Treaty of Sèvres
The terms of the armistice signed by the Young Turk government were so monstrous that the leaders of this party, led by Enver Pasha, fled to Germany on the night of November 3, 1918. Former top leaders of the state Talaat Pasha, Ismail Enver (Enver Pasha), Jemal Pasha, Behaetdin Shakir and some others were accused of involving Turkey in the war, organizing the Armenian massacre and sentenced to death in absentia by the decree of the Ottoman Empire on December 16, 1918 executions.
But Turkey no longer had the strength to resist. And therefore, on August 10, 1920, a peace treaty was signed in the city of Sevres, which not only eliminated the imperial possessions of the Ottomans, but consolidated the dismemberment of this country and the loss of a number of indigenous territories of Asia Minor.
The victors left Turkey with a small section of European territory around Constantinople and part of Asia Minor without Cilicia. Turkey's African possessions were transferred to Great Britain and France, the Dodecadenes Islands (part of the Southern Sporades archipelago) to Italy, a new state was created on the territory of Turkey - Kurdistan, and even the capital, Constantinople, was transferred under international control.
Signing ceremony of the Treaty of Sevres:
Excessive and excessive demands of the winners caused an explosion of indignation in all strata of Turkish society, and the Turkish Grand National Assembly, which proclaimed itself the only legitimate authority in the country, refused to ratify the treaty. Mustafa Kemal Pasha and his supporters, who were at the head of the new parliament, began to look for allies to fight the Entente and found them in the new Soviet Russia.
Mustafa Kemal seeks allies
On April 23, 1920, the Grand National Assembly of Turkey was convened in Ankara, the chairman of which was elected Mustafa Kemal - a combat general, a participant in the Italo-Turkish (1911), Balkan (1912-1913) and World War I, who was born in Soluni (Thessaloniki), and began to study military affairs in the city of Monastir (Macedonia).
Mustafa Kemal. Kemal - "Smart" is a nickname he received at school for his academic success. And for military operations against British troops on the Galipoli Peninsula in April 1915, he was nicknamed the "Savior of Constantinople"
On April 25, a provisional government was created here, which decided that the orders of the Sultan and his officials were no longer subject to execution.
On April 26, Kemal turned to V. I. Lenin as the head of the Russian government with a proposal to establish diplomatic relations and a request for help in the struggle "against imperialist governments." As a result, two agreements were signed: "On cooperation" (August 24, 1920) and "On friendship and brotherhood between the RSFSR and Turkey" (March 16, 1921).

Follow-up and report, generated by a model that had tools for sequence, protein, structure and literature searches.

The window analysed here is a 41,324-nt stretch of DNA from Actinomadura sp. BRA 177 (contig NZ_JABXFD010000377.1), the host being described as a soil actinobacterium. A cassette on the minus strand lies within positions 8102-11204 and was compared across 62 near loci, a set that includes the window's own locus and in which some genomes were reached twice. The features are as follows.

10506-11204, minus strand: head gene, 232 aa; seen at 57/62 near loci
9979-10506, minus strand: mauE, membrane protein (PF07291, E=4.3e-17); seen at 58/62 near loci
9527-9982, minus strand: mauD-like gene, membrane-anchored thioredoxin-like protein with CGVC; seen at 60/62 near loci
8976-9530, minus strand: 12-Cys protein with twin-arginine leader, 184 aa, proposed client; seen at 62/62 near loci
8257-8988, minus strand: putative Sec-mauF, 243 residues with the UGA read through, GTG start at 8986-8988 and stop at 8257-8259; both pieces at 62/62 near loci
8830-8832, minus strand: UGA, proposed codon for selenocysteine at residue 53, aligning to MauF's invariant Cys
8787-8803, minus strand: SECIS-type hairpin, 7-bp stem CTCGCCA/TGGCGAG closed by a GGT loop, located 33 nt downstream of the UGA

People's Commissar for Foreign Affairs of the RSFSR G.V. Chicherin and the representative of the government of the Grand National Assembly of Turkey, Yusuf Kemal-bey exchange the texts of the signed Treaty of Friendship and Brotherhood. Moscow, March 16, 1921
But what happened at that time on the lands of the former Russian Empire?
Armenia in 1918-1920: troubles with neighbors
After the collapse of the Russian Empire, the Georgians decided to profit from Armenia at that time, who seized the Lori region in the north of this country.
Georgia signed a treaty with Germany on May 16, 1918, hoping that the German occupation would prevent the Ottomans from seizing their territory. Since the Dashnaks were guided by the Entente countries, the German authorities demanded that the Georgians block the railway connecting Armenia with Russia and the port of Batumi, which caused famine in this country. In October 1918, clashes between Armenians and German and Georgian units began, on December 5 they escalated into a full-fledged war, during which the Armenian army occupied many settlements of the disputed region.
On January 17, 1919, the Supreme Council of the Entente decided to transfer the northern part of the Lori region to Armenia, the southern part to Georgia, but after the start of the Armenian-Turkish war, Georgia occupied the entire territory.
In 1918-1920. there were also bloody clashes between Armenians and Azerbaijanis. In 24 villages of the Shemakha district, 17 thousand Armenians were killed, in 20 villages of the Nukha district - 20 thousand Armenians. Armenians were also massacred in Agdam and Ganja. Azerbaijanis and Kurds moved to the territories that were previously inhabited by Armenians.
In Armenia, the Dashnaks (members of the Dashnaktsutyun party) and the troops under their control "cleared" the Novobayazet, Erivan, Echmiadzin and Sharuro-Daralagez districts from Azerbaijanis. Clashes also took place in Nagorno-Karabakh, which the Armenians usually call Artsakh. In the Russian Empire, it was part of the Elizavetpol province, part of which was inhabited by Armenians (about 35% of the total population), part by Azerbaijanis (who were then called "Caucasian Tatars" - almost 56%). Kurds (up to 4,7%), Russians (1,11%), Udins (1%) also lived here. The number of people of other nationalities (Germans, Lezgins, Tats, Jews, some others) was less than 1 percent.
Elizavetpol province. Currently, the city of Elizavetpol is called Ganja
Now Azerbaijan claimed the entire territory of this province, the Armenians living in Nagorno-Karabakh wanted independence or the annexation of their lands to Armenia. We will talk more about this in an article dedicated to Operation Nemesis, during which some high-ranking Turkish officials were killed, who were responsible for organizing the massacres of Armenians in 1915, as well as the leaders of Azerbaijan, involved in the massacre of Armenians in 1918-1920.